Catholic Poetry: “You Silent Dead,” In Honor of the Civil War Veterans


By Sister Ignatius Summer, R.S.M.

The silent dead! The silent dead!

I’ve lingered where they sleep in peace,

Where care, and want, or thought of dread

There anguished vigils cease.

Our silent dead! Our silent dead!

They lure me to their mossy rest,

Where roses, snowy petals shed,

And birds sing requiems in their nest.

O silent dead! O silent dead!

Thus dreams my soul of deathless lands.

For in the limit of your bed

Time and eternity clasp hands.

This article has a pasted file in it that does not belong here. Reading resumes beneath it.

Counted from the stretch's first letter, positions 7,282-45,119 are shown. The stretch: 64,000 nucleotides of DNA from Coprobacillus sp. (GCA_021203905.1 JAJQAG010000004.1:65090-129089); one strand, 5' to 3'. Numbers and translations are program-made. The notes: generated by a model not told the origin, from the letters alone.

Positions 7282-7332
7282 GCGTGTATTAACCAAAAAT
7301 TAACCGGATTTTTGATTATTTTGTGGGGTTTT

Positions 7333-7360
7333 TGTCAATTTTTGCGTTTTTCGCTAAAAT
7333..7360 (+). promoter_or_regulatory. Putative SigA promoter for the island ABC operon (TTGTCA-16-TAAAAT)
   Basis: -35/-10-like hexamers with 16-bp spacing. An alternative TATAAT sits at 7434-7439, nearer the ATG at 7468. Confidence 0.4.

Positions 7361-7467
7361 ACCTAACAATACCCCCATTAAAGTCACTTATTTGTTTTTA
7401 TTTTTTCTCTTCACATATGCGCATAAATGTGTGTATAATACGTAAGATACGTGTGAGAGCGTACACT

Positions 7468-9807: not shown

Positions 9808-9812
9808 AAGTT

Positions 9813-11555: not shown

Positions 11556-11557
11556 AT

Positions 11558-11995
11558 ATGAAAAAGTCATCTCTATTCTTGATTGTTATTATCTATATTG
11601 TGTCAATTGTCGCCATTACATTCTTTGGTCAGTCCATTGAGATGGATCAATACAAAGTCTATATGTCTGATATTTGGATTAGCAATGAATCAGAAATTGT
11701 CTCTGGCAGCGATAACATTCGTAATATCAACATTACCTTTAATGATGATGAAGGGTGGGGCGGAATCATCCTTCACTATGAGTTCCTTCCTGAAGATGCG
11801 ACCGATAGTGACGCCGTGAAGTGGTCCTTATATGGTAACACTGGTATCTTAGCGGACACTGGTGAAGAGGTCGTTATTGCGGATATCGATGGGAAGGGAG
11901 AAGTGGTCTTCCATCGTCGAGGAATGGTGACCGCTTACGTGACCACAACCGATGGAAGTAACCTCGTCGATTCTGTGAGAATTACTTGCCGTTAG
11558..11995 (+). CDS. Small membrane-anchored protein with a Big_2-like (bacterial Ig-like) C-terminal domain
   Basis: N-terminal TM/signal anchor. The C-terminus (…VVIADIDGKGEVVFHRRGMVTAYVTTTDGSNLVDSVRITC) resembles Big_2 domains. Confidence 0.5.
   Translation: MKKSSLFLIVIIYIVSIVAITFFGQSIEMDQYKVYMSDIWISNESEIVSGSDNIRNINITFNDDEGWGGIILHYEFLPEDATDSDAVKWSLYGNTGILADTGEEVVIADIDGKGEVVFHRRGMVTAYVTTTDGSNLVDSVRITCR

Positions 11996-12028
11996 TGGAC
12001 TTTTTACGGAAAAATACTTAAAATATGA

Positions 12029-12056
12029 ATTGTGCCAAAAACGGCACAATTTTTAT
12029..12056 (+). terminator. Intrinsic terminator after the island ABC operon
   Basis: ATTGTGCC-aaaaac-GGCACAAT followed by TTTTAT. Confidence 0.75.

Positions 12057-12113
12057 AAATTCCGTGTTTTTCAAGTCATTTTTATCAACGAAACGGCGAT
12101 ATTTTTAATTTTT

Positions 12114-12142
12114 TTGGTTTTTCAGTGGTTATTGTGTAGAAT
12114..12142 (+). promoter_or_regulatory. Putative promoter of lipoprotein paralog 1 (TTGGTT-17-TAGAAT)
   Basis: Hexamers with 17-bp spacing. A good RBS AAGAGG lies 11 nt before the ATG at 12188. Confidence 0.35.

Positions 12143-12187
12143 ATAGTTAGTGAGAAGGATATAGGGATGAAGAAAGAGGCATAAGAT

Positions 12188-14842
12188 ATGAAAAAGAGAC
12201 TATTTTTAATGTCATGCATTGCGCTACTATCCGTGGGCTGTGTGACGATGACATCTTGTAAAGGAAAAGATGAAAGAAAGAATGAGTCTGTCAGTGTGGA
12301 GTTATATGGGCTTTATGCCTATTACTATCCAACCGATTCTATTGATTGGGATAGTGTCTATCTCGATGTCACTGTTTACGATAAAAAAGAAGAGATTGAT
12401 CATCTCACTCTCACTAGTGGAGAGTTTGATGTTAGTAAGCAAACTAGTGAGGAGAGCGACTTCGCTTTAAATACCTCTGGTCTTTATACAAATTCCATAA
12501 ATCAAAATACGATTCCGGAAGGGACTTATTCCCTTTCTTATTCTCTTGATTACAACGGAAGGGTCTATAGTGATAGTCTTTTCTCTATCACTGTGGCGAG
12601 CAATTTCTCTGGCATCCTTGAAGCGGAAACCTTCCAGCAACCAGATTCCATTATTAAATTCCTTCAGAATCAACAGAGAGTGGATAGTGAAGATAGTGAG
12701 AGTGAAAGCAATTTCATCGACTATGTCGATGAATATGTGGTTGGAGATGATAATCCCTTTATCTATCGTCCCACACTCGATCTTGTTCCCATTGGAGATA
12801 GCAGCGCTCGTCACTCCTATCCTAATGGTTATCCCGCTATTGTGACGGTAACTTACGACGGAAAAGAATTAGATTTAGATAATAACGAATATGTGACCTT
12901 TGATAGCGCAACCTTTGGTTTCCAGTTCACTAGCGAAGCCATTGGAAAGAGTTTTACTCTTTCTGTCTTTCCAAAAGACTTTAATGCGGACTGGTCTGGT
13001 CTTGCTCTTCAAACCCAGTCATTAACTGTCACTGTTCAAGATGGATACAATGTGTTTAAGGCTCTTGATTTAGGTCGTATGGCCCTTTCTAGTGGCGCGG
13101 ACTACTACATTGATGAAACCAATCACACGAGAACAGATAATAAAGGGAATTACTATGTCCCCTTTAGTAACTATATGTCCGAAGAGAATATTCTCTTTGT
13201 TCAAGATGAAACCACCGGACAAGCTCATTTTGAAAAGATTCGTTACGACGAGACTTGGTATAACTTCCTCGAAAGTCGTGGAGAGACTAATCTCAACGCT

You silent dead! You silent dead!

For me to come, for you ’tis passed,

And while the heavens bend o’er your bed

Your lessons wise and holy last.

Then silent dead! O silent dead!

Why should my restless spirit moan?

Your footsteps have to Calvary led,

And thither must thy soul be borne.

The peace you breathe even now must come

When the night of time has fled,

When the Bridegroom calls me home,

And I too, sleep with the silent dead.

NOTE: The above poem was written during the 1870’s. Cited in Kathleen Healy, R.S.M., Sisters of Mercy (New York: Paulist Press, 1992), 295-296.

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